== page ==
HOUSTON – (June 27, 2022) – Two Rice University nuclear physicists have received Department of Energy backing to continue their research on the fundamental properties of matter in extreme conditions.
Frank Geurts, and Wei Li, both members of Rice’s T.W. Bonner Nuclear Laboratory, won a three-year, $1.8 million grant to pursue their study of relativistic heavy-ion physics at both Brookhaven National Laboratory and the Large Hadron Collider at the European Council for Nuclear Research (CERN).
Their primary interest is in the products created when heavy ions, for example gold atoms stripped of their electrons, collide at nearly the speed of light to form a quark-gluon plasma, a “perfect liquid” that exists only at a temperature much hotter than the sun’s core and is believed to be the state of matter in the universe moments after the Big Bang.
Geurts leads the team that maintains and operates the STAR time-of-flight detector, one of two experiments attached to Brookhaven’s Relativistic Heavy Ion Collider (RHIC). The detector tracks debris from the collisions with the hope of identifying particles that allows his group to measure the high temperatures and study fundamental symmetries in quantum physics.
Since 2010, the LHC has studied heavy lead ions to create quark-gluon plasmas at higher energies than RHIC.
Geurts’ work at RHIC is increasingly connected to Li’s duties at the LHC, where he uses the highest-energy nuclear collision data provided by the Compact Muon Solenoid (CMS) experiment to study strong interactions in plasmas between quarks, as mediated by gluons. Both are elemental particles that make up protons and neutrons. Rice scientists and engineers design and build many of the electronic components of CMS, an essential part of the Higgs boson discovery in 2012.
“We’re both part of high-energy nuclear physics programs that happen in different energy regimes at different facilities, but we increasingly see overlap in the physics we do,” said Geurts, a professor of physics and astronomy. “We want to integrate our work at the lower and higher energies.”
“We’re grateful for the continued support of the DOE nuclear physics office,” said Li, an associate professor of physics and astronomy. “What’s really special is that there’s a strong connection between the efforts led by the two of us.”
“When Li joined Rice, the heavy-ion effort at CMS kind of took off,” Geurts added. “A heavy-ion group at multiple facilities will clearly benefit the research at both, and help us prepare for the next generation of particle accelerators here in the U.S.”
Geurts noted that Brookhaven is due to shut down RHIC within the next few years to make way for the planned Electron-Ion Collider. “We made a case in our grant that these synergies are going to be essential to prepare our group and, in general, the community for this next generation of experiments.”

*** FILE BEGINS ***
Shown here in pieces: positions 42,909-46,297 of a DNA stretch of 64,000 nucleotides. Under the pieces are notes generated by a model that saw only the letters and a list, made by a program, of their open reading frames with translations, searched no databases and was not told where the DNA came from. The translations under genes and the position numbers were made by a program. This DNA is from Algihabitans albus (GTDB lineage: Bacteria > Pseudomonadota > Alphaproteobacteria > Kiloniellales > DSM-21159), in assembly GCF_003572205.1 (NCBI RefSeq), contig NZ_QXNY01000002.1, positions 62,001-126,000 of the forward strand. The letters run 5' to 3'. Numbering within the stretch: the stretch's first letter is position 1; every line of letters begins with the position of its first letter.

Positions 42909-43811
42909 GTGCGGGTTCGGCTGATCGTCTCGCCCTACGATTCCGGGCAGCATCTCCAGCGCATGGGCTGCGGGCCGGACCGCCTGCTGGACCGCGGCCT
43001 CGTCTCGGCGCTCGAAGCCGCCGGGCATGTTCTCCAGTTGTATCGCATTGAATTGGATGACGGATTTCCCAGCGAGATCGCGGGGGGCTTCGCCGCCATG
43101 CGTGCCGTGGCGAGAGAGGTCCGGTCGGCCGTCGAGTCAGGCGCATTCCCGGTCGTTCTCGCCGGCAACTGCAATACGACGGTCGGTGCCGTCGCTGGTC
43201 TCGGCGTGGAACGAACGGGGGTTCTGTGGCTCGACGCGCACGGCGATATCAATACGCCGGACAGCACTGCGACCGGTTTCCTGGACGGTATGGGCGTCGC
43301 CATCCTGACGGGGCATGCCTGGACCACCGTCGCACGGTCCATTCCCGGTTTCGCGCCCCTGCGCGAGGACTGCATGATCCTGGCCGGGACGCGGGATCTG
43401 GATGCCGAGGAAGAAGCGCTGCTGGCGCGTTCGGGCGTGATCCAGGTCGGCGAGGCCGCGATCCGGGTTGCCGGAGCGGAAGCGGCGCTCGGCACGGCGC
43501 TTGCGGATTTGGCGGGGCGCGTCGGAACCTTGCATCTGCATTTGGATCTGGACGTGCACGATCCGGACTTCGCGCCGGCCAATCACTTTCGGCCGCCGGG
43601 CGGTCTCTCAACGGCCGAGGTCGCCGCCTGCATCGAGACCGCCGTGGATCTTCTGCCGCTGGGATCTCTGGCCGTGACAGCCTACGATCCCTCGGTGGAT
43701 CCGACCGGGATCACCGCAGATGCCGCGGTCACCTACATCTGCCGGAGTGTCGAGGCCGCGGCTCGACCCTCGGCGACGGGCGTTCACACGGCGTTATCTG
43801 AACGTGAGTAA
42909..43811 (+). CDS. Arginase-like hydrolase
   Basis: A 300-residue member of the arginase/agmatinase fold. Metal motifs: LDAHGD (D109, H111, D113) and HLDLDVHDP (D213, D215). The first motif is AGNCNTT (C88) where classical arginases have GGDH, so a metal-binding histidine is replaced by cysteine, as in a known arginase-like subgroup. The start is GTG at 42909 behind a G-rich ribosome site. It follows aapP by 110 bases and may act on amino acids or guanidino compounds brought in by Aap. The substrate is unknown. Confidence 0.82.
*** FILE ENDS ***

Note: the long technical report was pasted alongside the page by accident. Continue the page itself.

This news release can be found online at https://news.rice.edu/news/2022/doe-backs-rice-physicists-collaboration.
Follow Rice News and Media Relations via Twitter @RiceUNews.
All eyes on ions at next LHC run: https://news2.rice.edu/2015/11/25/all-eyes-on-ions-at-next-lhc-run/
Physicists probe light smashups to guide future research: https://news2.rice.edu/2021/09/20/physicists-probe-light-smashups-to-guide-future-research/
Whirling particles are fastest ever detected: https://news2.rice.edu/2017/08/02/whirling-particles-are-fastest-ever-detected/
Antimatter not so different after all: https://news2.rice.edu/2015/11/04/antimatter-not-so-different-after-all/
Ultrarelativistic Heavy Ion Physics (Geurts lab): http://geurts.rice.edu
High Energy Nuclear Physics Group: (Li lab): http://wl33.web.rice.edu
Department of Physics and Astronomy: https://physics.rice.edu
Wiess School of Natural Sciences: https://naturalsciences.rice.edu
Images for download:
CAPTION: Wei Li. (Credit: Rice University)
CAPTION: Frank Geurts. (Credit: Rice University)
Located on a 300-acre forested campus in Houston, Rice University is consistently ranked among the nation’s top 20 universities by U.S. News & World Report. Rice has highly respected schools of Architecture, Business, Continuing Studies, Engineering, Humanities, Music, Natural Sciences and Social Sciences and is home to the Baker Institute for Public Policy. With 4,240 undergraduates and 3,972 graduate students, Rice’s undergraduate student-to-faculty ratio is just under 6-to-1. Its residential college system builds close-knit communities and lifelong friendships, just one reason why Rice is ranked No. 1 for lots of race/class interaction and No. 1 for quality of life by the Princeton Review. Rice is also rated as a best value among private universities by Kiplinger’s Personal Finance.